Sunday, August 1, 2010

Half way to Mars and something similar happens...then what

"Space Station Malfunction Prompts Shutdowns"


William Harwood

August 1st, 2010

The New York Times

One of two coolant systems aboard the International Space Station malfunctioned late Saturday, triggering alarms and extensive power shutdowns to keep critical systems from overheating.

The apparent failure of an ammonia pump in coolant loop A forced flight controllers to shut down two of four stabilizing gyroscopes, used to help control the space station’s orientation, one communications channel and several computer control units. The astronauts also installed jumpers between the Russian Zarya propulsion module and the U.S. segment of the lab complex to maintain proper cooling.

"It seems like we’re in a sim right now," flight engineer Tracy E. Caldwell Dyson joked with flight controllers shortly after 1 a.m. Sunday, referring to training simulations.

NASA officials said the space station was in a safe, reduced-power configuration using coolant loop B. It took the astronauts several hours to complete the shutdowns, but flight controllers told them they could sleep late Sunday while analysis continued on the ground.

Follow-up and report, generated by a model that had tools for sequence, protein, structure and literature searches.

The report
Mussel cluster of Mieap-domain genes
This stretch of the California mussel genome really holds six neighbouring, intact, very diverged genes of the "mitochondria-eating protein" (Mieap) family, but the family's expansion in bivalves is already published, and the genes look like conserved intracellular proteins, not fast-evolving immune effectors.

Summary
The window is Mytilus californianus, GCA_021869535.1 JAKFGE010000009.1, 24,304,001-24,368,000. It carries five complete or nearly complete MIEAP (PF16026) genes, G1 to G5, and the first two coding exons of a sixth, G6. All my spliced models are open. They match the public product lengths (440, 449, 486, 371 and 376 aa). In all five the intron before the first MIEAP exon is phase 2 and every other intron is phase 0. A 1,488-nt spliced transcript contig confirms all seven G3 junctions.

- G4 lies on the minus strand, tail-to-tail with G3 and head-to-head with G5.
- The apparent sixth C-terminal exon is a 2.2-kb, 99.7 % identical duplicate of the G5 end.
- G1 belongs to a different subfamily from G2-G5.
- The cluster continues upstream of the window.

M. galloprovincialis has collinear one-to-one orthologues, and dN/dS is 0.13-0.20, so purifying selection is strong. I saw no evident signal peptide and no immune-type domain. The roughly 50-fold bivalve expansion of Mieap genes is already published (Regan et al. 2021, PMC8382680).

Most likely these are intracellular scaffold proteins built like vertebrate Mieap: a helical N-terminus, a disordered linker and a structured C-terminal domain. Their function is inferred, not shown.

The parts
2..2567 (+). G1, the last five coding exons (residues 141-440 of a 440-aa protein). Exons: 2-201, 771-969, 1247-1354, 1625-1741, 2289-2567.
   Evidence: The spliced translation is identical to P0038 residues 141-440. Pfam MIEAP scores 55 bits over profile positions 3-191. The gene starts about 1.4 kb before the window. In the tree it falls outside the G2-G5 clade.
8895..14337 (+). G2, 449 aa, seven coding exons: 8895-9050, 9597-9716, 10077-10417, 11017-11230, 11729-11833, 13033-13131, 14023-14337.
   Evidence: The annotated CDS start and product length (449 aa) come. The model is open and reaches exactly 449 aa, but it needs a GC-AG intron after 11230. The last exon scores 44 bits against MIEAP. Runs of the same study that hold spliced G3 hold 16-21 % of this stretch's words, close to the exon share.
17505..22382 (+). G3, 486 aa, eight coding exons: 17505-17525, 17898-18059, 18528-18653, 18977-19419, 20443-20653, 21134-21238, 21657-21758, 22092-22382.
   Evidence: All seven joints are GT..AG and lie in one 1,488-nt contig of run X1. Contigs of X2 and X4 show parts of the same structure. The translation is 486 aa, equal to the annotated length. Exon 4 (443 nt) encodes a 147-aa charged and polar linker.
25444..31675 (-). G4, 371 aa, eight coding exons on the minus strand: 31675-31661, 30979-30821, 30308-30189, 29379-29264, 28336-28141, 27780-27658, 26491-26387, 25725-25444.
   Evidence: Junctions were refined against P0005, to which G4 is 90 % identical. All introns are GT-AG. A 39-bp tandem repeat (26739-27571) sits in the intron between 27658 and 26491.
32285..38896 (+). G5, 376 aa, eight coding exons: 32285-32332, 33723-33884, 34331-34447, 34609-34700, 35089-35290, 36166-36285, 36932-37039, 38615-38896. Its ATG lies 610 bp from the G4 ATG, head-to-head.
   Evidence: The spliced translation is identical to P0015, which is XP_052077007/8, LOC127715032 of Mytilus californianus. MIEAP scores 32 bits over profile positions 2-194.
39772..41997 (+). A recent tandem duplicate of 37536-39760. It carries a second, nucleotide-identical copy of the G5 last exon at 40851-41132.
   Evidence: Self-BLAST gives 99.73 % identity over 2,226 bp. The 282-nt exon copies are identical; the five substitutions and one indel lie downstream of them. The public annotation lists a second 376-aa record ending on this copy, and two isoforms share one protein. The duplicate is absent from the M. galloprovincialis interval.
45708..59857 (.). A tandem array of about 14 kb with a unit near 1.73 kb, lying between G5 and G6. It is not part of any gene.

"We’re going to be working hard overnight to figure out what’s going on," astronaut James M. Kelly radioed from mission control shortly before the astronauts went back to bed. "By tomorrow, a little bit later on, hopefully we’ll be able to send you up a little bit better idea of where we stand on everything."

The International Space Station is equipped with two independent coolant loops mounted on the lab’s main solar power truss that use ammonia circulating through huge radiator panels to dissipate the heat generated by the station’s electronics.

While the loops are independent, the station cannot operate at full power with just one coolant loop. Spare components are on board, including two coolant system pumps, but installation is considered difficult and two spacewalks would likely be required.

Caldwell Dyson and Army Col. Douglas H. Wheelock were already planning to conduct a spacewalk Aug. 5 to mount a robot arm attachment fixture to the Zarya module and to rig the central Unity module for attachment of a storage compartment during a shuttle flight in November.

It is not yet known whether those plans will be affected by the problems with the coolant system.

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